After two men on pre-exposure prophylaxis (PrEP) at the Kaiser Permanente San Francisco Medical Center tested positive for the hepatitis C virus (HCV), clinicians at the center penned a letter to the editor of the journal Clinical Infectious Diseases calling for routine HCV testing in gay men who are currently on PrEP. The two men were among 485 HIV-negative gay men receiving PrEP at the clinic between 2011 and 2014.
Both men had a history of several rectal sexually transmitted infections (STIs) while on PrEP and no non-sexual risk factors, such as using injection drugs or getting a tattoo or piercing. While the HCV incidence rate among the HIV-negative gay men at the clinic is much lower than the incidence rate among HIV-positive gay men in general, these findings add to the "larger dialogue about having sex without a condom while on PrEP," AIDSmeds said in its write-up on the topic.
Jeremiah Johnson, HIV prevention research and policy coordinator at Treatment Action Group (TAG), says that these findings are important to discuss, but that PrEP still holds an immense amount of value for those who wish to take it. "It's always important for an intervention that we have for HIV to account for some of the potential unintended side effects, but the problem is that we can't throw the baby out with the bathwater. PrEP isn't perfect; it's not appropriate for all sexual risks -- neither are condoms."
Most importantly, Johnson added, we must allow people to mitigate their own HIV risk and choose a prevention method that they are comfortable with. "We have no perfect HIV prevention intervention, so in the meantime we have to find out how to make [condoms and PrEP] work together and have open discussions without shutting it down with hysteria."
"We're always going to be looking for potential complications, but that doesn't mean because PrEP isn't perfect, we stop using it and expect gay men to adopt impossibly high rates of condom usage. That never worked and it never will. No population uses them 100% of the time," Johnson added.
The biggest threat for HCV in PrEP users may stem from a lack of clear information on the potential for transmission. "I'm not overly worried, just confused about the risk of transmission through sexual contact," said Adrian Mills, 29, a PrEP user.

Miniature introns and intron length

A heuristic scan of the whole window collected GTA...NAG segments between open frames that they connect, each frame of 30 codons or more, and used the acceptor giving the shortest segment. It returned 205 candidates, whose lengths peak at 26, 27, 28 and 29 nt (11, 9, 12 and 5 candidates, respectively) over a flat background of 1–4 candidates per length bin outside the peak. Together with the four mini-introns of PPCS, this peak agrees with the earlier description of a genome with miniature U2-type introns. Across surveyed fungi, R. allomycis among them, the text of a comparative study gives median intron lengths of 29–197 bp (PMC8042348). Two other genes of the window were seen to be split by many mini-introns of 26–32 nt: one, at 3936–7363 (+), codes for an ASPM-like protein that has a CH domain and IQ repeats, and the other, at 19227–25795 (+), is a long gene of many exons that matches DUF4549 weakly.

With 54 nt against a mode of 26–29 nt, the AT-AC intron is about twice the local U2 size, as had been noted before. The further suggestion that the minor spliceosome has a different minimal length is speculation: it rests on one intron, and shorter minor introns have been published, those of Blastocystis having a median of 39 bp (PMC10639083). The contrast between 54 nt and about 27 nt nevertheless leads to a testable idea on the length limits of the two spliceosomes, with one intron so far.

Mills added that, while recent sexual behavior has made him cognizant of his risk for HCV, he does not think that should deter anyone from taking PrEP -- and it should not fuel further PrEP criticism. "It is up to the individual how they choose to use PrEP, and all we can hope is that they are working with an informed comfort zone," he said.
The threat of HCV for sexually active gay men is a conversation that few are willing to have, according to Mills.
Another gay man, Jarad Ringer, 38, said that he never had a conversation about sexually transmitted HCV until he contracted it in 2010. The infection came up on routine bloodwork with his doctor, after which he was referred to Mt. Sinai to participate in a study of HCV-positive HIV-negative gay men. According to Ringer, conversations around HCV rarely happen among gay men. "No, I don't think it's a conversation that gay men have at all. It's not a conversation that I've had with sexual partners in the past."
Mills also reported that HCV goes undiscussed in gay circles. "Lately, [HCV] is more of an ominous warning given to individuals on PrEP, from what I've seen. In fact, I don't think I heard any discussion prior to PrEP about hepatitis A, B or C," he said.
After his acute infection, and during his six-month treatment with interferon to cure his HCV, Ringer said he changed up his STI protection regimen. "I did have sex a few times during my course of treatment, but I did use a condom or my partner used a condom during those sexual encounters while I was undergoing treatment."
Ringer was adamant that the potential for HCV transmission should not deter PrEP use, saying "there's a relatively low risk to become infected with hep C through sexual contact."
Mills concurred that HCV should not deter people from taking PrEP.
"If someone is really concerned about hepatitis C, that exists outside PrEP," he explained. "They need to act accordingly based on that concern. The same goes for any STI."
Mathew Rodriguez is the community editor for TheBody.com and TheBodyPRO.com. You can follow him on Twitter at @mathewrodriguez, like his Facebook page or visit him on his personal website.